It took some discussion to get there, but by the time Brown County Commissioners Court adjourned Monday, the salaries of the two justice of the peace court administrators had been equalized.

The court’s actions in the regular session meeting also raised the starting pay for clerks and administrators in the courthouse, and gave some already on the job raises — effective immediately.

Brown County Judge Ray West said he had looked into the starting clerk’s pay, and compared the $15,500 annual salary to surrounding counties, and to secretarial positions in the private sector.

“It compares extremely poorly,” West said. “There’s no other way to say it, it’s abysmal.”

Commissioners voted to raise the starting salary of clerks to $18,000, up from $15,500. Clerks who started at $15,500 but have not received enough annual raises to bring their salary to $18,000, will be raised to that amount, and clerks presently making $18,000 but less than $19,000, will be raised to $19,000.

Commissioners also approved the starting financial clerk’s salary to be $23,000 and the starting salary for court administrators to be $24,000. But the salary for the two current court administrators was raised to $25,000, which will equalize their salaries. The increase is a raise of slightly more than $1,500 for Rhonda Durkop, the court administrator for Precincts 1 and 4, but less than $25, for the Precincts 2 and 3 court administrator, Victoria Collom.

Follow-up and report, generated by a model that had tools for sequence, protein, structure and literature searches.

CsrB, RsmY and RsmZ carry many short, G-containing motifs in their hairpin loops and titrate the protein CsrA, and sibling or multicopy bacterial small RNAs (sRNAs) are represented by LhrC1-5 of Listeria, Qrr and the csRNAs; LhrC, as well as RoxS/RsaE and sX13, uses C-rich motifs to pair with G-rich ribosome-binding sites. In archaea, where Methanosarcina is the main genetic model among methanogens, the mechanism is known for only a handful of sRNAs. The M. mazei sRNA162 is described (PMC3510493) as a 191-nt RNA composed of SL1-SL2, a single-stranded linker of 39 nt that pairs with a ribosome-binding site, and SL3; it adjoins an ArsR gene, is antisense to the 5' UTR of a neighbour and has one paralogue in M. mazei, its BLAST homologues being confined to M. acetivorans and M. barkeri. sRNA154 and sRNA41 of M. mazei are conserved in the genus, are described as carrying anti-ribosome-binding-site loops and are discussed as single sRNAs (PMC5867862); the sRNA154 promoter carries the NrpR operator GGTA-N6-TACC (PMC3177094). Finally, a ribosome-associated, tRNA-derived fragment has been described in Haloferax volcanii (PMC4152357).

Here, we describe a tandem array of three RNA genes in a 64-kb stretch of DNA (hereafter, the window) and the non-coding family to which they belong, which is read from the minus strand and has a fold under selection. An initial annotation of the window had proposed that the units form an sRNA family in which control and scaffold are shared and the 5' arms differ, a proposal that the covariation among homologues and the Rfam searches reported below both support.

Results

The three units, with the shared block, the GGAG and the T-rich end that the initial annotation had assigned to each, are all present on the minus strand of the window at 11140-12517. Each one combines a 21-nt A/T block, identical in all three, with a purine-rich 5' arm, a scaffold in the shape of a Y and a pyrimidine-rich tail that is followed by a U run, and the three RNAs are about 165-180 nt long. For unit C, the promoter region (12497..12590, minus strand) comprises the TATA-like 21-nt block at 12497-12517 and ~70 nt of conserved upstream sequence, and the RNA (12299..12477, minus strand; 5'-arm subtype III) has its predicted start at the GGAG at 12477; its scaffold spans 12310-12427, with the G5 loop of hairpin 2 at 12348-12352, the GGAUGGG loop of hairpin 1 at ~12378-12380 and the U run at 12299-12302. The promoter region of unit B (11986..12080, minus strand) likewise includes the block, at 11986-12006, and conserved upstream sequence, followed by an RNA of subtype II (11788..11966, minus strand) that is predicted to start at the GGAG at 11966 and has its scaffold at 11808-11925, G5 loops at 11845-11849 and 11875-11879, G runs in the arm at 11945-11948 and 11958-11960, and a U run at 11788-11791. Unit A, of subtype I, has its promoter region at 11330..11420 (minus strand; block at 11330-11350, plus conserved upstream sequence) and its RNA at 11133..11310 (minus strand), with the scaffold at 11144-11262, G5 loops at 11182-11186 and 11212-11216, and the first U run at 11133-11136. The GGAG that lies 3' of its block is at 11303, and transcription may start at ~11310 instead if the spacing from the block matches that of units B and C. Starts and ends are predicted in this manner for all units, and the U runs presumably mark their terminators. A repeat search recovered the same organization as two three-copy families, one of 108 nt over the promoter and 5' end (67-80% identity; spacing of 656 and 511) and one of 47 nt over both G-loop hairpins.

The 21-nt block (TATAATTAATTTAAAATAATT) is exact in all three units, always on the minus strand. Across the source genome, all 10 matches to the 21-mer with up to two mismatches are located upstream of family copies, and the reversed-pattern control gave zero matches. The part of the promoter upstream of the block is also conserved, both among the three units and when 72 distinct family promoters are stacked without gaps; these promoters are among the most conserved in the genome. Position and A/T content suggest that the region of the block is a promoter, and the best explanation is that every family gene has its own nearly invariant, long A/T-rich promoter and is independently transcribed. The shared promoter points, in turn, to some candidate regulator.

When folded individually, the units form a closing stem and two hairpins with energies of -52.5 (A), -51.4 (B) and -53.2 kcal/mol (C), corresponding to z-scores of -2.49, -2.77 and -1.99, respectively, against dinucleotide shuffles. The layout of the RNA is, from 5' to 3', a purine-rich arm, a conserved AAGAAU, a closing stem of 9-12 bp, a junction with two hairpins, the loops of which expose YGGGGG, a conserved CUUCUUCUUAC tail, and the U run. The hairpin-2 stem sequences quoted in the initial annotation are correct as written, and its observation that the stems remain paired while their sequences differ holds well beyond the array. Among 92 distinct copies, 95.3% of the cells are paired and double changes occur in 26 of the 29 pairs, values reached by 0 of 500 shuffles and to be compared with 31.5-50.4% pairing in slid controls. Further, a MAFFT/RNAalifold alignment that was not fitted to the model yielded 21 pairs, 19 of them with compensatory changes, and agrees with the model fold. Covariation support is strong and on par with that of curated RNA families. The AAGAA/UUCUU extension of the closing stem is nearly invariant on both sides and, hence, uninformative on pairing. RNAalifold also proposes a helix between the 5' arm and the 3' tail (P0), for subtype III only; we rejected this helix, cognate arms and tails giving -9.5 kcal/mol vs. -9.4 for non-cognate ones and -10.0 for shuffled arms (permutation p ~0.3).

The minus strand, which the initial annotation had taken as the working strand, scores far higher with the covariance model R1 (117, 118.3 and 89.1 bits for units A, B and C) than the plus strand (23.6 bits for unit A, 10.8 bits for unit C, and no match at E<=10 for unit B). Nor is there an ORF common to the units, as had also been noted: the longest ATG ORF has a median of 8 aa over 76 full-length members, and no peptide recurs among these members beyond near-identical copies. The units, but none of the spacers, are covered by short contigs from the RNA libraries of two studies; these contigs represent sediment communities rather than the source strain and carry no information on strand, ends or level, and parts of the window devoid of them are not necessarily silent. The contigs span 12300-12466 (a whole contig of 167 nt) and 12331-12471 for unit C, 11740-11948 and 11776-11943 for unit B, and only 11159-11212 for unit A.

Continuing the discussion of salary increases and raises, commissioners passed a resolution to be incorporated into the county employee handbook that will prevent employees from transferring from one department to another where the pay level is less than the level they are currently being paid and taking their higher salary to the new job.

“In other words, if a person wants to transfer, and take a pay cut, they can, but they can’t take their higher pay with them,” said Precinct 4 Commissioner Larry Traweek. “That’s something we want understood up front.”

The ruling should also prevent situations from occurring in the future, like what happened four years ago when Collom transferred into the justice of the peace’s offices as a court administrator at a higher salary than Durkop, who had more experience and trained Collom for the administrator’s job.

The voting on each of the two motions went 5-0, with all four commissioners and West approving.

“This is going to cost the county about $15 grand, which we’ll take out of the discretionary balance,” West said.

West credited Traweek for doing the research and salary comparisons, and said what prompted the action Monday more than the discussion at the Oct. 15 court session of the disparity in pay for the justice of the peace court administrators was District Clerk Jan Brown’s reported problems in hiring a clerk capable of doing the job at the $15,500 starting salary in her office. Twice in the last year, Brown said at the Oct. 15 meeting, employees had gone to work downstairs in the courthouse, for salaries, almost half again the amount paid in the clerk’s office.

“We struggle to get someone in at the 15-5, train them, and then they leave and we’re back where we started,” Brown said last week.

“We need to consider two things,” West said. “One is continuity, one is more money. We’ve got to address this, and we’ve got to come up with a workable solution.”